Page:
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Feature Wed Dec 06 2006

2006 Chicago Books in Review: Nonfiction

This is the second annual round-up of notable books published in the past year either concerning Chicago or written by local authors. Last year's list featured titles such as Citizen, Louise Knight's celebrated biography of Jane Addams, and Courtroom 302 by Steve Bogira, a critically acclaimed look inside the Cook County Criminal Courthouse.

This year's list does not disappoint. It includes books about beer and wine, railroad tycoons, a history of zoning and the Plan of Chicago. It includes books about segregation and housing discrimination, Cubs and White Sox, Pilsen and Millennium Park. And it includes one little book about the audacity of hope.

Although this list is not comprehensive, it contains something for almost every Chicago area book lover on your holiday shopping list. Plus, check back next week for Veronica Bond's year-end review of fiction by Chicago authors.

First in Violence, Deepest in Dirt: Homicide in Chicago, 1875-1920
by Jeffrey S. Adler (Harvard University Press, 367 pages)
Adler examined thousands of homicide cases for this fascinating look at violence in Chicago at the turn of the twentieth-century.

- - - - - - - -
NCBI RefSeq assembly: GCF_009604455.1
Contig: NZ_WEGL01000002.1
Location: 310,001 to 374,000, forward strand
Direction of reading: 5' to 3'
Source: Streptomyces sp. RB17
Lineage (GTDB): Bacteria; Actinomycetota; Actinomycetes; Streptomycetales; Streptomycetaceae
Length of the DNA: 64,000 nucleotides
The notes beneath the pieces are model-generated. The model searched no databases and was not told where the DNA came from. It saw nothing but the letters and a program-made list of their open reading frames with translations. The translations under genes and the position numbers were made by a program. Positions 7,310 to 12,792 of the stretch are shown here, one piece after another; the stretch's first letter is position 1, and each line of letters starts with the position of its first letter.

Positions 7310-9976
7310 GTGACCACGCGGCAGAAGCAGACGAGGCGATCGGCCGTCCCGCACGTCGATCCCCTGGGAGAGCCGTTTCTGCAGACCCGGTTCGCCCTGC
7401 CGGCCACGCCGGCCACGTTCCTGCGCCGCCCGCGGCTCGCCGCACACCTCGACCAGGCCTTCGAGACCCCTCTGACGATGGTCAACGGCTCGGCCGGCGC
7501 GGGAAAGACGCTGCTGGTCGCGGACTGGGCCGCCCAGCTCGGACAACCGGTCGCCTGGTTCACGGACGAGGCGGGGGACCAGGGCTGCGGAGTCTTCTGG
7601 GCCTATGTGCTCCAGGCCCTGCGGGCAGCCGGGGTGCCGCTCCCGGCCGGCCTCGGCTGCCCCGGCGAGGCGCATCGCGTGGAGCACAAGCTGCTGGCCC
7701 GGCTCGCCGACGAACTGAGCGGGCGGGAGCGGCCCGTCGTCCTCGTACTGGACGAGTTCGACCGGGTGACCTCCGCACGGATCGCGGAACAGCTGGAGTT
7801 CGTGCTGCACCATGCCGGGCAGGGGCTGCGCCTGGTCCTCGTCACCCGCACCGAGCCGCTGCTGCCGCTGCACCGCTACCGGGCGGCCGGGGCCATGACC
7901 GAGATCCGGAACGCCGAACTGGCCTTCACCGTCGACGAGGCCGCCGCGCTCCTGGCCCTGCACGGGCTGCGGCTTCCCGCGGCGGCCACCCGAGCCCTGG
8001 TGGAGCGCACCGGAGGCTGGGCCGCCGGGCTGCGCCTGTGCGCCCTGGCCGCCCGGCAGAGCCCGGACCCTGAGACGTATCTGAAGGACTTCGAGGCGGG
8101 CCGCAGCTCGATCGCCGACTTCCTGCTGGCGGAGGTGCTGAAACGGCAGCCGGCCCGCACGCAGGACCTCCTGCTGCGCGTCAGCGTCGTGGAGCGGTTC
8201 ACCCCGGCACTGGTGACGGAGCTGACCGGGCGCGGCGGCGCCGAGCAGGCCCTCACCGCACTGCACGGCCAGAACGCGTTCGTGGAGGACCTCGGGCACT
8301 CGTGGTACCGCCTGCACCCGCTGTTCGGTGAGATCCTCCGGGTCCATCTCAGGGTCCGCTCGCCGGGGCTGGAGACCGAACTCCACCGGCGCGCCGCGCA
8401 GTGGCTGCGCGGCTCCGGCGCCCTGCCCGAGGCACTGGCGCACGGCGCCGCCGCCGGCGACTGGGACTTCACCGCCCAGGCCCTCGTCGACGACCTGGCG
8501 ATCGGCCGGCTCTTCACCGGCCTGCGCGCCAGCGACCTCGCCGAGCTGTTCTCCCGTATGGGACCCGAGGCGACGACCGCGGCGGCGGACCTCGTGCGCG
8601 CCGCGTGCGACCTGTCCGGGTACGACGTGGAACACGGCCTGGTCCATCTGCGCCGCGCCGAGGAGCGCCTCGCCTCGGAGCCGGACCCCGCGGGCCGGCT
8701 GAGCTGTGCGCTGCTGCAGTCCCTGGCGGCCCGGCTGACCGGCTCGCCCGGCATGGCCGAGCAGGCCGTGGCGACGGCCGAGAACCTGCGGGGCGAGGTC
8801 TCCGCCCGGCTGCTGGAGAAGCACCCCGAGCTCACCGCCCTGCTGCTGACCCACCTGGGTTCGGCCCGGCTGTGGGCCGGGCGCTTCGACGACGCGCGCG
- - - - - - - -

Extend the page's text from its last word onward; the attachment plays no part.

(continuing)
A Field Guide to Gay & Lesbian Chicago
by Kathie Bergquist (Lake Claremont Press, 281 pages)
A new guidebook to gay and gay-friendly places, events and businesses around the city.

Bridges of Memory: Chicago's Second Generation of Black Migration
by Timuel D. Black (Northwestern University Press, 320 pages)
This is the second volume in the Bridges of Memory series.

Richard Nickel's Chicago: Photographs of a Lost City
by Richard Cahan and Michael Williams (CityFiles Press, 192 pages)
An essential collection of photographs — some never before published — taken by Richard Nickel, one of the city's greatest advocates for the preservation of the buildings of Louis Sullivan.

Barrio: Photographs from Chicago's Pilsen and Little Village
by Paul D'Amato (University of Chicago press, 126 pages)
D'Amato spent 14 years taking photos in Chicago's Pilsen and Little Village neighborhoods, resulting in this broad portrait of the city's Mexican communities.

Awake in the Dark: The Best of Roger Ebert; Forty Years of Reviews, Essays and Interviews
by Roger Ebert (University of Chicago Press, 476 pages)
For the movie lover on your list, check out this anthology of writings from the incomparable Roger Ebert.

Robber Baron: The Life of Charles Tyson Yerkes
by John French (University of Illinois Press, 374 pages)
A long-overdue biography of the colorful businessman who shaped Chicago's public transportation, and whose enduring legacy includes the Loop elevated train tracks.

Millennium Park: Creating a Chicago Landmark
by Timothy J. Gilfoyle (University of Chicago Press, 442 pages)
Critically acclaimed examination of the construction of Millennium Park.

Death in the Haymarket: A Story of Chicago, the First Labor Movement, and the Bombing That Divided Gilded Age America
by James Green (Pantheon Books, 383 pages)
An accessible, narrative account of the Chicago Haymarket bombings and the early labor movement.

Black Writing from Chicago: In the World, Not of It?
edited by Richard R. Guzman (Southern Illinois University Press, 328 pages)